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When Consumers Battle 'Ego Depletion'
By: Dwayne W. Waite Jr.
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Resolve. How many of us can truly say that we have it?

Consumers are constantly bombarded with advertising, promotions, free trials, BOGOs, and sales, so it takes a strong will in order to deny any brand the opportunity of receiving your money.

Indeed, advertising and marketing have the goal of lowering the defenses of consumers and persuading them with the information and sweet talk that money can buy.

Of course, with more information out there now, consumers feel more informed. Would it, then, be harder for advertisers to persuade, or is it inevitable?

Consumer behavior and sociology would dictate that the more we battle against the grain, the faster we as consumers experience "ego depletion," or the wearing of our self-control and decision-making to the point that we would be inclined to give in to certain desires or influences.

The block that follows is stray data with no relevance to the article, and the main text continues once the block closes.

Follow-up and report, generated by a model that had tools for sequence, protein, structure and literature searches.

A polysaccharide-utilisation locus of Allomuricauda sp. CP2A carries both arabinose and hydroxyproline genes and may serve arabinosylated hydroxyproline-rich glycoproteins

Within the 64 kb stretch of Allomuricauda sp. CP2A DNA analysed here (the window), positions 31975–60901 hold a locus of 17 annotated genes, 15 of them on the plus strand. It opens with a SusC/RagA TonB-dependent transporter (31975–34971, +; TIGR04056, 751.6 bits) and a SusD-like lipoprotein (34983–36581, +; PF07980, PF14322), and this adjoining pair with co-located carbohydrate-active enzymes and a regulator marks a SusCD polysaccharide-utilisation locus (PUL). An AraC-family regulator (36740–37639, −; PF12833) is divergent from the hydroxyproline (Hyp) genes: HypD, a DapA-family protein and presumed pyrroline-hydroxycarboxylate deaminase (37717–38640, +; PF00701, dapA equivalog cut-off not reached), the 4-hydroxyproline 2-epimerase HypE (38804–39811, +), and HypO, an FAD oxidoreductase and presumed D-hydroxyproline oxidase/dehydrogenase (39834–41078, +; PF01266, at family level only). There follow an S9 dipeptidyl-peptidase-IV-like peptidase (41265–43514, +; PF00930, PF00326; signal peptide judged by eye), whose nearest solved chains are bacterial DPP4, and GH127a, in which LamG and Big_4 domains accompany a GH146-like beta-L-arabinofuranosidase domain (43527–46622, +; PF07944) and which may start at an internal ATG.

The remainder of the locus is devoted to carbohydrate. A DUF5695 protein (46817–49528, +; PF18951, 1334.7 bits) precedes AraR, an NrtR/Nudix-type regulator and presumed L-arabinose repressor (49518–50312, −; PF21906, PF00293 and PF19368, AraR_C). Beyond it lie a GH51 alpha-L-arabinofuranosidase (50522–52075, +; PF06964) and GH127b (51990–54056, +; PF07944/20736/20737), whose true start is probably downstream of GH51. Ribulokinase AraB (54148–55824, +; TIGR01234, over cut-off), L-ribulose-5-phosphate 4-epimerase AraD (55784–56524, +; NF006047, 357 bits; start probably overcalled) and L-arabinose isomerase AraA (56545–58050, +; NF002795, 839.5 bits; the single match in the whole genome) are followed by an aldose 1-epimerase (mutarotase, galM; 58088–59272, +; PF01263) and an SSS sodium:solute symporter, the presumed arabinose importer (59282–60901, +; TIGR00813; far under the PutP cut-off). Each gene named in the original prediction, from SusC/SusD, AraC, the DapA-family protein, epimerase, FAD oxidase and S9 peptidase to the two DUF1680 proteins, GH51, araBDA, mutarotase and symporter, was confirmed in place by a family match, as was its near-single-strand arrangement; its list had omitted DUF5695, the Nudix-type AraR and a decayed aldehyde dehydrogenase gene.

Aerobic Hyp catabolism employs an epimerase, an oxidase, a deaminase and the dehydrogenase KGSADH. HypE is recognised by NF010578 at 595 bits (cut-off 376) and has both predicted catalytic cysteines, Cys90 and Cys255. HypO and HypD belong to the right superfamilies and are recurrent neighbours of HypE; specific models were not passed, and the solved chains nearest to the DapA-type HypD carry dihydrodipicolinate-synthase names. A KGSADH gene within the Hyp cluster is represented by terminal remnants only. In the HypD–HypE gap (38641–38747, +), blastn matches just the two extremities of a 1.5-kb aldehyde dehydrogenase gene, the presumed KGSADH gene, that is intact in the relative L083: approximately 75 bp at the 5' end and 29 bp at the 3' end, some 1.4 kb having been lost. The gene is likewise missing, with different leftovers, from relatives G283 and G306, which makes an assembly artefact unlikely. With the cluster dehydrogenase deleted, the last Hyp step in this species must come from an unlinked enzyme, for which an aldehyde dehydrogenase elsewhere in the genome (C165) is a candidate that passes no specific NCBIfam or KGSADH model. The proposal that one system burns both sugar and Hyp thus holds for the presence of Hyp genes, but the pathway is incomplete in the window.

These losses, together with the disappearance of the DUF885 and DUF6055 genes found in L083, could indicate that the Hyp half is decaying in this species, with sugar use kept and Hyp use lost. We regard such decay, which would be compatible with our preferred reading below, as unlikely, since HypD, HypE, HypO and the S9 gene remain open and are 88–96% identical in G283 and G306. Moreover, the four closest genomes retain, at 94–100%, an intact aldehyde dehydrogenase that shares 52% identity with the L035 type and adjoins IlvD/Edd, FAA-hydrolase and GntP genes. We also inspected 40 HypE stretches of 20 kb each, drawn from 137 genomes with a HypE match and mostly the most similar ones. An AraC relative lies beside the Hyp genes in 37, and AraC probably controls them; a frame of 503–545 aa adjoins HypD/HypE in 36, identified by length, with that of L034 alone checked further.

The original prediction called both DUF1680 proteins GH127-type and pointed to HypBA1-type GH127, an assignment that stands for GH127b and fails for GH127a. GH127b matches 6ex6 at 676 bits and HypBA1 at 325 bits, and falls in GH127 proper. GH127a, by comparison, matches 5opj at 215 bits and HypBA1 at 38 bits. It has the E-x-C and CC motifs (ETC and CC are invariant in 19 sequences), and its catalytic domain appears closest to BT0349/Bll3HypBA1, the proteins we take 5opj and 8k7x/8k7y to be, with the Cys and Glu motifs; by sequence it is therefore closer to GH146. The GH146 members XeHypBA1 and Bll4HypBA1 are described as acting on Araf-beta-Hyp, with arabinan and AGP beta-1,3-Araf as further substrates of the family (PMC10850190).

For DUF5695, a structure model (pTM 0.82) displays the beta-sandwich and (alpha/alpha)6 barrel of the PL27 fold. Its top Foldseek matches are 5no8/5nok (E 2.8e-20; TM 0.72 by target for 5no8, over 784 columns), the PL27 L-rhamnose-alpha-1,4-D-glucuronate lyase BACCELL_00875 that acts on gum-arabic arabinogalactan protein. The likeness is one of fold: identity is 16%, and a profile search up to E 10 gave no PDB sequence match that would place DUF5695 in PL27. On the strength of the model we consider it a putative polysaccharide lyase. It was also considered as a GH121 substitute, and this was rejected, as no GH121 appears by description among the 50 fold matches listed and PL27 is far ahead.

Ego depletion makes sense; no defense can continue to be utterly impenetrable. Like a castle wall, if a boulder or cannonball hits it, the wall, though still erect, is not as strong as it once was. As the wall continues to get peppered, sooner or later the wall will fall.

Consumer science suggests that our self-control has limits, like the wall illustration. As advertisers and marketers, we have an interesting question: Do we use this information to wear down consumer resolve and guide them to make decisions that they may not otherwise? Or, do we respect the ego depletion factor and use other methods to garner positive interaction and, ultimately, a purchase?

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About the Author
Dwayne W. Waite Jr. is partner and principal at JDW: The Charlotte Agency, a marketing and advertising shop in Charlotte, NC. He enjoys consumer behavior, economics, and football.
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